(A familiar theme revisited. One more time).
The world is a difficult and sometimes hostile place for ideas. It always has been and probably always will. New ideas have always have a hard time seeing the light of day, let alone finding an audience. Whatever field one looks to – art, design, cinema, architecture, engineering, science, and so on, great ideas still go undervalued.
Too many good ideas get killed or rejected, too many are overlooked. Too many of those of us who hold the purse strings, who own the venues of performance and publicity, who manage the channels of dissemination, who exercise the levers of influence, find courage and conviction abandoning us.
But as technology reduces the cost of both production and distribution it’s harder than ever for cultural content to find an audience. For we are awash with plenitude. We are living in an age of cultural oversupply. Pick any category of human production. From breakfast cereals to cute cat videos on YouTube, from erotic fiction for middle aged women to trendy sneakers, from organic restaurants to action movies, from high culture to low culture, there is more choice and variety than we need. Than we can possibly consume.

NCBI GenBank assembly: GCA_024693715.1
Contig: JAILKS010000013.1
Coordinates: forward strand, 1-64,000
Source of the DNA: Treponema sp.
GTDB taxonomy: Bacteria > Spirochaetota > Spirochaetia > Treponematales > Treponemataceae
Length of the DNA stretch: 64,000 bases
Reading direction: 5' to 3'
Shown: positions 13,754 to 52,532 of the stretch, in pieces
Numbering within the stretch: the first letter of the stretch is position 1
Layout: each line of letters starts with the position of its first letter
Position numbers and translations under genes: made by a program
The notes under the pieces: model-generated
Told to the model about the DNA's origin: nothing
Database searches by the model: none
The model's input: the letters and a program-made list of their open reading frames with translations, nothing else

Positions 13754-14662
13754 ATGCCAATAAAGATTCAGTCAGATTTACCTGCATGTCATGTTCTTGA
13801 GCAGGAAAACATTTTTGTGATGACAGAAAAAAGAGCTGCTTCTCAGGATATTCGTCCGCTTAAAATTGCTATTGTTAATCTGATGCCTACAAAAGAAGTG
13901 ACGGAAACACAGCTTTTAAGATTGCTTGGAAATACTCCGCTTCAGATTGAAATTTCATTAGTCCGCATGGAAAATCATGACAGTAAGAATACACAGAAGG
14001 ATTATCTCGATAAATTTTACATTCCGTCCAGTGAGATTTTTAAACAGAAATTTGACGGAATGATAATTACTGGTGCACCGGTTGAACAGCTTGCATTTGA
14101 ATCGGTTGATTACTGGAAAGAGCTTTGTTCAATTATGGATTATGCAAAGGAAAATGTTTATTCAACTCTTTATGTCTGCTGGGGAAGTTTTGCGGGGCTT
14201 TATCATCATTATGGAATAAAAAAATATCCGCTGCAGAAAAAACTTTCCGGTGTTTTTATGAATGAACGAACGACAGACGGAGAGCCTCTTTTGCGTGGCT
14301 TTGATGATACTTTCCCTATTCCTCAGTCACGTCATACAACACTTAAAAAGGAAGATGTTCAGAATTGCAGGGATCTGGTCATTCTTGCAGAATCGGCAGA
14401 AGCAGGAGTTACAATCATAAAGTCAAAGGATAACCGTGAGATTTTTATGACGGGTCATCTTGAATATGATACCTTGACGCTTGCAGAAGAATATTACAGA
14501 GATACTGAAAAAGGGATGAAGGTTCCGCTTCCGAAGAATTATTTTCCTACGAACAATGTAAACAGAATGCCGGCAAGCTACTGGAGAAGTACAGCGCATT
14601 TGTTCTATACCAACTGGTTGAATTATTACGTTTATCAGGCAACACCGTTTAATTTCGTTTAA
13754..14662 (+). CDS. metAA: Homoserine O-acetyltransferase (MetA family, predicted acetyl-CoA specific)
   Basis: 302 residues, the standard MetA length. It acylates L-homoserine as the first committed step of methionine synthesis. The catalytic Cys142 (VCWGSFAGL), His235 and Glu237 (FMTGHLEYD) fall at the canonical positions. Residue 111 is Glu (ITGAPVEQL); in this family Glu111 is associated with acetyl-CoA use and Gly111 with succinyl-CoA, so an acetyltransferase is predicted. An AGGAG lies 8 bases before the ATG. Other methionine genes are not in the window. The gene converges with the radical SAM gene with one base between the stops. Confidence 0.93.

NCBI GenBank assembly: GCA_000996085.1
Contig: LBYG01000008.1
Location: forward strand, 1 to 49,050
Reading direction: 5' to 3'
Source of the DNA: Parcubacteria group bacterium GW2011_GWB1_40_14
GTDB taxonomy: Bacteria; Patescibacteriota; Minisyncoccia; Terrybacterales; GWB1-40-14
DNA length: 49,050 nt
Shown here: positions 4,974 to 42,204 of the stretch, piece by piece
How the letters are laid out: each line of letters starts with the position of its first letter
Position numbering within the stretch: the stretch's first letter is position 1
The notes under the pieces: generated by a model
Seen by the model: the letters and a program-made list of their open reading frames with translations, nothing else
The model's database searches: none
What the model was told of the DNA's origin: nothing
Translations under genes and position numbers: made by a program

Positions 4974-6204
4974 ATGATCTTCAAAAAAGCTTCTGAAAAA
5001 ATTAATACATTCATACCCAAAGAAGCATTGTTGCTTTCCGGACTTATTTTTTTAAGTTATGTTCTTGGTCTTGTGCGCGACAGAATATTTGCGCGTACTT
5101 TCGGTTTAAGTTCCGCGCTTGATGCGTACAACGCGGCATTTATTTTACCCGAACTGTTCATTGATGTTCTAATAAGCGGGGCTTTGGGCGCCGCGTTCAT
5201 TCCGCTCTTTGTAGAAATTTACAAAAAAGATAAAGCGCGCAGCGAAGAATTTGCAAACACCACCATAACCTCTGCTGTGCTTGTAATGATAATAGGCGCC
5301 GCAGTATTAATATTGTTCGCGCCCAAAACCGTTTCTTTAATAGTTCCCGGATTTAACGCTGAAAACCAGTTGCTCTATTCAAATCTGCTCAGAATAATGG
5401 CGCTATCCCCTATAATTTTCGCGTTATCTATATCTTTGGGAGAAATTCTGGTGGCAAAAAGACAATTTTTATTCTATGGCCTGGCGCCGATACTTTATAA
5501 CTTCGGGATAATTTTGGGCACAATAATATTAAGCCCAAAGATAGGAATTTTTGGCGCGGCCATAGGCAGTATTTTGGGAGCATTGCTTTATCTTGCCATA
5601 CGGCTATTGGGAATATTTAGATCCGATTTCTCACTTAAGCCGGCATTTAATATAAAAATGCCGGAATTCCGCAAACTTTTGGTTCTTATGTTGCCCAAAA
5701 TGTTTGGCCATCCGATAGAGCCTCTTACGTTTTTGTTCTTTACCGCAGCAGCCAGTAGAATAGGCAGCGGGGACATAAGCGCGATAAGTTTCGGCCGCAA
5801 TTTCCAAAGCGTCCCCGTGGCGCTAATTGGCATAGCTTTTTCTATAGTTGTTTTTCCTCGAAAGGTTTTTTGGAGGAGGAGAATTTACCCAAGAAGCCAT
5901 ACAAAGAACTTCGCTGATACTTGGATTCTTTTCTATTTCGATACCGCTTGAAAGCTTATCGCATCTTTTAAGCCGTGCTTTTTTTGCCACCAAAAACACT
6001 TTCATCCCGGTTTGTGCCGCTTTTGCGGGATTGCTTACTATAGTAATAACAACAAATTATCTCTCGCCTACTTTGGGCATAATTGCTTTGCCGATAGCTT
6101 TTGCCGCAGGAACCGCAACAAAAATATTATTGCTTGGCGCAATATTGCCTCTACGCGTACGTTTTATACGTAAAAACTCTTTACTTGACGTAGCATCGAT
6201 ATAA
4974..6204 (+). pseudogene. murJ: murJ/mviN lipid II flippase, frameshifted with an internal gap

And with that plenitude, we are also let’s face it, oversupplied with crap. Crap books, crap films, crap restaurants…
Perhaps this is not surprising at all. Perhaps cultural production simply conforms to what the American science fiction writer Theodore Sturgeon termed ‘Sturgeons Revelation’ (or Sturgeon’s Law as if is often referred to).
As he put it in in the March 1958 issue of Venture magazine:
I repeat Sturgeon’s Revelation, which was wrung out of me after twenty years of wearying defense of science fiction against attacks of people who used the worst examples of the field for ammunition, and whose conclusion was that ninety percent of SF is crud. Using the same standards that categorize 90% of science fiction as trash, crud, or crap, it can be argued that 90% of film, literature, consumer goods, etc. are crap. In other words, the claim (or fact) that 90% of science fiction is crap is ultimately uninformative, because science fiction conforms to the same trends of quality as all other artforms.”
Plenitude such as this erodes value. And more. As behavioral economists teach us, we are inclined to pay greater attention to and a greater value upon that which is scarce. Amidst our oversupply of both the good and the bad then, we’re not merely battling for people’s attention, but against their indifference.